Clinical manifestations of fascioliasis typically occur in two distinct phases. Acute infection represents invasion of the hepatic parenchyma by the fluke. Classic findings include fever; right upper quadrant pain, and hepatomegaly. Eosinophilia is the most common laboratory finding during this phase of infection. Mild elevations in liver function tests such as AST, ALT, and AlkPhos may also be present. ELISA has a sensitivity of approximately 98% for the detection of excretory-secretory antigen products from the adult fluke during acute infection. Ova and parasite stool studies are negative in this phase. Complications of acute fascioliasis include ascites, hepatitis, subcapsular hemorrhage, and hepatic necrosis. Migration of the organism into the lungs, pleura, pericardium, abdominal wall, and brain has been reported. While approximately 18% of acute infection with Fasciola hepatica is asymptomatic, the manifestations may last up to three months.

Chronic infection with Fasciola hepatica results from migration of the fluke from the liver into the biliary tree. This can result in chronic inflammation of the extrahepatic biliary tree with hyperplasia of the ductal epithelium and fibrosis. Most chronic cases remain asymptomatic. Manifestations may include recurrent right upper quadrant pain, episodes of jaundice, and fluctuating liver enzymes. Diagnosis in this phase requires a high index of suspicion. No serological markers are useful, as eosinophilia and positive ELISA studies are uncommon with chronic infection. Duodenal fluid aspirates or stool studies may detect parasite ova. Complications of chronic fascioliasis include cholangitis, pancreatitis, and obstructive jaundice. Chronic Fasciola hepatic infection has not been associated with hepatobiliary malignancy.

Radiologic studies may aid in increasing clinical suspicion of hepatobiliaryfascioliasis. In a case series by Sezgin et al, all nine patients with fascioliasis had dilatation of the intrahepatic and extrahepatic bile ducts on abdominal ultrasound [2]. Over fifty percent had thickened bile ducts associated with hypoechoic peripheral nodular lesions in the liver. Flukes may also be visualized in the gallbladder as hypoechoic structures lacking acoustic shadowing typical of cholelithiasis. Computed Tomography (CT) scanning may demonstrate multiple low density, contrasting enhancing nodules within the hepatic parenchyma representing microabscesses and necrosis from invasion of the organism. Nodules associated with linear tracts are highly suggestive of fascioliasis. Ductal dilation, hepatomegaly, splenomegaly, regional lymphadenopathy, and flukes within the gallbladder may also be seen on CT scan.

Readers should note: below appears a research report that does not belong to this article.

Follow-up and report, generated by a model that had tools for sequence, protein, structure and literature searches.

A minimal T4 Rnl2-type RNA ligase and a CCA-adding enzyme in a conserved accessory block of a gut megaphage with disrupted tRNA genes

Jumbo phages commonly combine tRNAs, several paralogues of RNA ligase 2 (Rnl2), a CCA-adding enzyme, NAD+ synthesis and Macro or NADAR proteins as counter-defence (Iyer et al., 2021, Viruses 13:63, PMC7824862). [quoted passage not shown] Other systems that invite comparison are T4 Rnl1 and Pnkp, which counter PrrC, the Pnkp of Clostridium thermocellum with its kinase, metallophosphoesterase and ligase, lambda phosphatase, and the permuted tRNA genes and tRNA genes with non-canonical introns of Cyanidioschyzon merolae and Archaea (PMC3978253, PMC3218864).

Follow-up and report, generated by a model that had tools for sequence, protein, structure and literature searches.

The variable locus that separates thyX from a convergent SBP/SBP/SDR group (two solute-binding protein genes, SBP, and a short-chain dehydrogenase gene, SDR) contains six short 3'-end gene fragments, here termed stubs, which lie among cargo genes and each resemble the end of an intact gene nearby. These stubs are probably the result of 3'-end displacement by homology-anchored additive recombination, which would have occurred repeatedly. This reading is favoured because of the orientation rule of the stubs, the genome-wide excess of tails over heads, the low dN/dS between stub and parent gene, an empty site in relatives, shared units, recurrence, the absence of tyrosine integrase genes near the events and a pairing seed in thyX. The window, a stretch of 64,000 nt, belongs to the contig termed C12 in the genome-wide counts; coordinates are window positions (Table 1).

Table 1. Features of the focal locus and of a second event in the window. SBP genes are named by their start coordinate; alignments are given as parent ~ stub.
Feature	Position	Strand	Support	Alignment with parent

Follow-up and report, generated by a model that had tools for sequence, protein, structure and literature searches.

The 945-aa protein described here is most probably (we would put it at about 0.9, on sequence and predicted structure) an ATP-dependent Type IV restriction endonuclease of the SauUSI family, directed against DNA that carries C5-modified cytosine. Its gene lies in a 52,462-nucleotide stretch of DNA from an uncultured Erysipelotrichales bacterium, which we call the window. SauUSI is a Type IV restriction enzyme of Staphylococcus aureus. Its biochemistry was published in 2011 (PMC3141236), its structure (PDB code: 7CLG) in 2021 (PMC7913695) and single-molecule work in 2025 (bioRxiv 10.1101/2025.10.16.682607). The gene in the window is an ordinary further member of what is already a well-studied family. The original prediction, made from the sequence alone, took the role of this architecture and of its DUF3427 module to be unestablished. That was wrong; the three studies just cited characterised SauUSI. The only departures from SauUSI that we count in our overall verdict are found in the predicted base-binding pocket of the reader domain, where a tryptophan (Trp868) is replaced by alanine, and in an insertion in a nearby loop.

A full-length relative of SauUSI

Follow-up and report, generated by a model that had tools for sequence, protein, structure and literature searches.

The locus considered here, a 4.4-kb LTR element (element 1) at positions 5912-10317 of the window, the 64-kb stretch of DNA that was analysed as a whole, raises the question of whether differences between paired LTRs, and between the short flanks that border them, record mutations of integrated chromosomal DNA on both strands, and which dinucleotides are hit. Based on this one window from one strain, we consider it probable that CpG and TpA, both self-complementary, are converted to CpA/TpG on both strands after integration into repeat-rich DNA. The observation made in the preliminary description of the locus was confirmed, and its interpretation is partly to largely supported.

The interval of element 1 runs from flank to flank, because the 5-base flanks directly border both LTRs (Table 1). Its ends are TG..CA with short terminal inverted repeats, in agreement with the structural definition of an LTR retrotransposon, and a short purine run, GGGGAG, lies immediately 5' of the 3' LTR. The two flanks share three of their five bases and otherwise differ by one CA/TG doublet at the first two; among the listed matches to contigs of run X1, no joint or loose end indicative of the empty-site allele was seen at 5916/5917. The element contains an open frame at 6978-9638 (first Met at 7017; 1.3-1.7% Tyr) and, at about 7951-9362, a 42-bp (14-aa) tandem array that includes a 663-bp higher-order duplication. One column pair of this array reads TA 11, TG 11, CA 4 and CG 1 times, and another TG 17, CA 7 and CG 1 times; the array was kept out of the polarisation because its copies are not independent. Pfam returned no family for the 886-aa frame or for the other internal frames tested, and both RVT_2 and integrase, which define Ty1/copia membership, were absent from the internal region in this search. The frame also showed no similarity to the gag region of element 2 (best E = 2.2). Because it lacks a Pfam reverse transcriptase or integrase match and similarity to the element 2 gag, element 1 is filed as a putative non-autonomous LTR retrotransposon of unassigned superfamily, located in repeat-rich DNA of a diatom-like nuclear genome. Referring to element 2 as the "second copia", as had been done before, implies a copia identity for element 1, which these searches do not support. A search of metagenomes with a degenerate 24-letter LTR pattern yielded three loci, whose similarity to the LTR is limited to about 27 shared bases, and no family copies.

Endoscopic retrograde cholangiopancreatography (ERCP) is a valuable tool in both the diagnosis and treatment of chronic fascioliasis [3-5]. Linear or crescent-shaped filling defects on cholangiography are suggestive of adult organisms within the bile ducts. Direct visualization and extraction of the flukes is often possible, as in our case. Clearance of the bile ducts usually results in symptomatic improvement. In addition to ERCP, treatment with antiparasitic medications is also recommended. Multiple drug regiments have been used, including mebendazole, albendazole, and praziquantel. Current recommendations are for therapy with either triclabendazole or bithionol, both of which may be difficult to obtain in the United States. Indications for cholecystectomy in patients with biliary fascioliasis have not been well delineated, although there is a case report of a living fluke encountered at the time of cholecystectomy [6]. We are not aware of any reports of chronic fascioliasis with concurrent cholelithiasis in the literature.

Fasciola hepatica is an extremely rare cause of biliary tract obstruction in the United States. It is a challenging diagnosis to make but in view of increasing immigration of patients from endemic regions, a high index of suspicion should be maintained in patients with atypical presentations of choledocholithiasis. The treatment of choice should be anti-parasitic medication, followed by cholecystectomy in these cases, with ERCP if necessary to provide clearance of the extra-hepatic bile ducts from adult flukes. An awareness of this rare disease is beneficial in providing appropriate care.

Funding

There were no sources of funding or conflicts of interest in this study.

References

  1. Atalay F, Kirimlioglu V, Dagli U (1993) Human fascioliasis. Surg Today 23: 366-369.
  2. Sezgin O, Altintas E, Disibeyaz S, Saritaş U, Sahin B (2004) Hepatobiliary fascioliasis: clinical and radiologic features and endoscopic management. J Clin Gastroenterol 38(3): 285-291.
  3. Danilewitz M, Kotfila R, Jensen P (1996) Endoscopic diagnosis and management of Fasciola hepatica causing biliary obstruction. Am J Gastroenterol 91(12): 2620-2621.
  4. Fullerton JK, Vitale M, Vitale GC (2006) Therapeutic endoscopic retrograde cholangiopancreatography for the treatment of Fasciola hepatica presenting as biliary obstruction. Surg Innov 13(3): 179-182.
  5. Gulsen MT, Savas MC, Koruk M, Kadayifci A, Demirci F (2006) Fascioliasis: a report of five cases presenting with common bile duct obstruction. Neth J Med 64(1): 17-19.
  6. Bulbuloglu E, Yuksel M, Bakaris S, Celik M, Kokoglu OF, et al. (2007) Diagnosis of fasciola hepatica cases in an operating room. Trop Doct 37(1): 50-52.
  7. © 2018 Terence O’Keeffe. This is an open access article distributed under the terms of the Creative Commons Attribution License , which permits unrestricted use, distribution, and build upon your work non-commercially.